Zendaya made history last night when she became the youngest person ever to take home the Emmy for Outstanding Lead Actress in a Drama Series. And though it's hard to believe, her feat marks only the second time a Black actress has won the category—ever.
Per Variety, Viola Davis made history in 2015 when she was awarded the Outstanding Lead Actress in a Drama Series Emmy for her unforgettable performance as Annalise Keating in How to Get Away with Murder. When Davis accepted her Emmy, she said in her speech, "And let me tell you something, the only thing that separates women of color from anyone else is opportunity. You cannot win an Emmy for roles that are simply not there."
For comparison, the first Black actor to win the Emmy for Outstanding Lead Actor in a Drama Series was Bill Cosby in 1966. He subsequently won the same award in 1967 and 1968. In total, a Black actor has won in this category on seven occasions, most recently in 2019, when Billy Porter took home the statuette for Pose.
Though it shouldn't be the case that in the 72-year history of the Emmys only two Black women have ever taken home the top prize for drama acting, hopefully, Zendaya's win is a sign that times are changing.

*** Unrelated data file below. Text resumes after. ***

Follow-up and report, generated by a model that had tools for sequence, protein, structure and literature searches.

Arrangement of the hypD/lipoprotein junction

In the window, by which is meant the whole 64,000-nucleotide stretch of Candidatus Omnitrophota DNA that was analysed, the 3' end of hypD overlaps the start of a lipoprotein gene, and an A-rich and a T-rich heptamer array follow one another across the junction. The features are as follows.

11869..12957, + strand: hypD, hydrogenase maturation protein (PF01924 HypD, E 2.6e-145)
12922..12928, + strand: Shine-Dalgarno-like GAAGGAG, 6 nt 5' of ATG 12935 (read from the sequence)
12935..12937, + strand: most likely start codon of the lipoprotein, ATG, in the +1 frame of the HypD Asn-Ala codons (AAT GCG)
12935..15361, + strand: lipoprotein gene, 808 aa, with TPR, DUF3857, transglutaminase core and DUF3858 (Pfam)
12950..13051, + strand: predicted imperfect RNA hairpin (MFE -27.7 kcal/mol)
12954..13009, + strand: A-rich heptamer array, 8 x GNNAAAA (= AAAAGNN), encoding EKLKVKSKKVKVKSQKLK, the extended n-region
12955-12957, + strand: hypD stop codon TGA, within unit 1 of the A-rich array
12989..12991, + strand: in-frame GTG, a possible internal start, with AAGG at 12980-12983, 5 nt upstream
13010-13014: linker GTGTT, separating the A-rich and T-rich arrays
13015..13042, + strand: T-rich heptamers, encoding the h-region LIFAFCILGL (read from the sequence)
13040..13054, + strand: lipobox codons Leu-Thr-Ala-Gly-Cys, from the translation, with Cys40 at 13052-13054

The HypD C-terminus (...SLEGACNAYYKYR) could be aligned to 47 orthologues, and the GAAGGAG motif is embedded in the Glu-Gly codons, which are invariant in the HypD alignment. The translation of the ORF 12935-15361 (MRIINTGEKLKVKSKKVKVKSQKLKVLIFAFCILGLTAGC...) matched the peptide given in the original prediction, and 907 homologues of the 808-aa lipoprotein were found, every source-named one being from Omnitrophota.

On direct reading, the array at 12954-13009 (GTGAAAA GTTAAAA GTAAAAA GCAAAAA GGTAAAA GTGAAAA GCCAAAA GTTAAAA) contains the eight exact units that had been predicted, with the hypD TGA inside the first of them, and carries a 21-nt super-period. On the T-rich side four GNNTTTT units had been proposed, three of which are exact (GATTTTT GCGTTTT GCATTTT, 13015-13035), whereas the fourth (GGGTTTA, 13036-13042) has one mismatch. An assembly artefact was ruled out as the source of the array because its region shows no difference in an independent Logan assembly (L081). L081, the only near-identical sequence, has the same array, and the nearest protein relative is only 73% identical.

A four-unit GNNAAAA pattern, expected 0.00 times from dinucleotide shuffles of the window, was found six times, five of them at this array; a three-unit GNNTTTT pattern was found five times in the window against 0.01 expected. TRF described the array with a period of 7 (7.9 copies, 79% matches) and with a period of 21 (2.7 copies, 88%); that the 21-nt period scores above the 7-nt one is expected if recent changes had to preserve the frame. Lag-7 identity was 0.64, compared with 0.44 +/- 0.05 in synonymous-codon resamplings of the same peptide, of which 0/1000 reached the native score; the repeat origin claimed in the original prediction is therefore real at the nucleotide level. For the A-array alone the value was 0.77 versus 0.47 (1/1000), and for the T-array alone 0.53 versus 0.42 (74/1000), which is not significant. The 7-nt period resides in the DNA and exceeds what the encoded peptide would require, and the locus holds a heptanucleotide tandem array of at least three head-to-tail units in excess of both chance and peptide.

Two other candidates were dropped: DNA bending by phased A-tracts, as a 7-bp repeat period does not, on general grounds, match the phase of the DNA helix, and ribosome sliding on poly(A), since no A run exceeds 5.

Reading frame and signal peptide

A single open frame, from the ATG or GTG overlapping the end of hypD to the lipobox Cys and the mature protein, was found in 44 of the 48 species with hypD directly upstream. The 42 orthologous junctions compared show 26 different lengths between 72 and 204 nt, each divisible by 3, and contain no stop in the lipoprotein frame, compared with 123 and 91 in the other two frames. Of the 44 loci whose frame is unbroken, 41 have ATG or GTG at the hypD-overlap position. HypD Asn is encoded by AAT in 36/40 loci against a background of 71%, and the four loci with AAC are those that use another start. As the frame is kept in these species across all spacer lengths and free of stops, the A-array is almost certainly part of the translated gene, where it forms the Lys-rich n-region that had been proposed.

Luckily, the monumental wins didn't stop there. Watchmen's Regina King found herself a four-time Emmy winner after taking home the Outstanding Lead Actress in a Limited Series or Movie trophy. Per the Los Angeles Times, King's win tied her with Alfre Woodard for the most acting Emmys won by a Black person throughout the ceremony's history.
Perhaps proof that the Emmys have become more inclusive, Deadline reported that "Emmy nominations for Black performers set a record this year and, in turn, there was a record number of trophies given to Black performers." The publication noted that that "more than 30 people of color" were nominated in acting categories at the Emmys in 2020, which is definitely a move in the right direction.
Of her own Emmy win for Euphoria, Zendaya said in her speech, "I just want to say that there is hope in the young people out there. I know that our TV show doesn't always feel like a great example of that, but there is hope in the young people. And I just want to say to all my peers out there doing the work in the streets, I see you, I admire you, I thank you."
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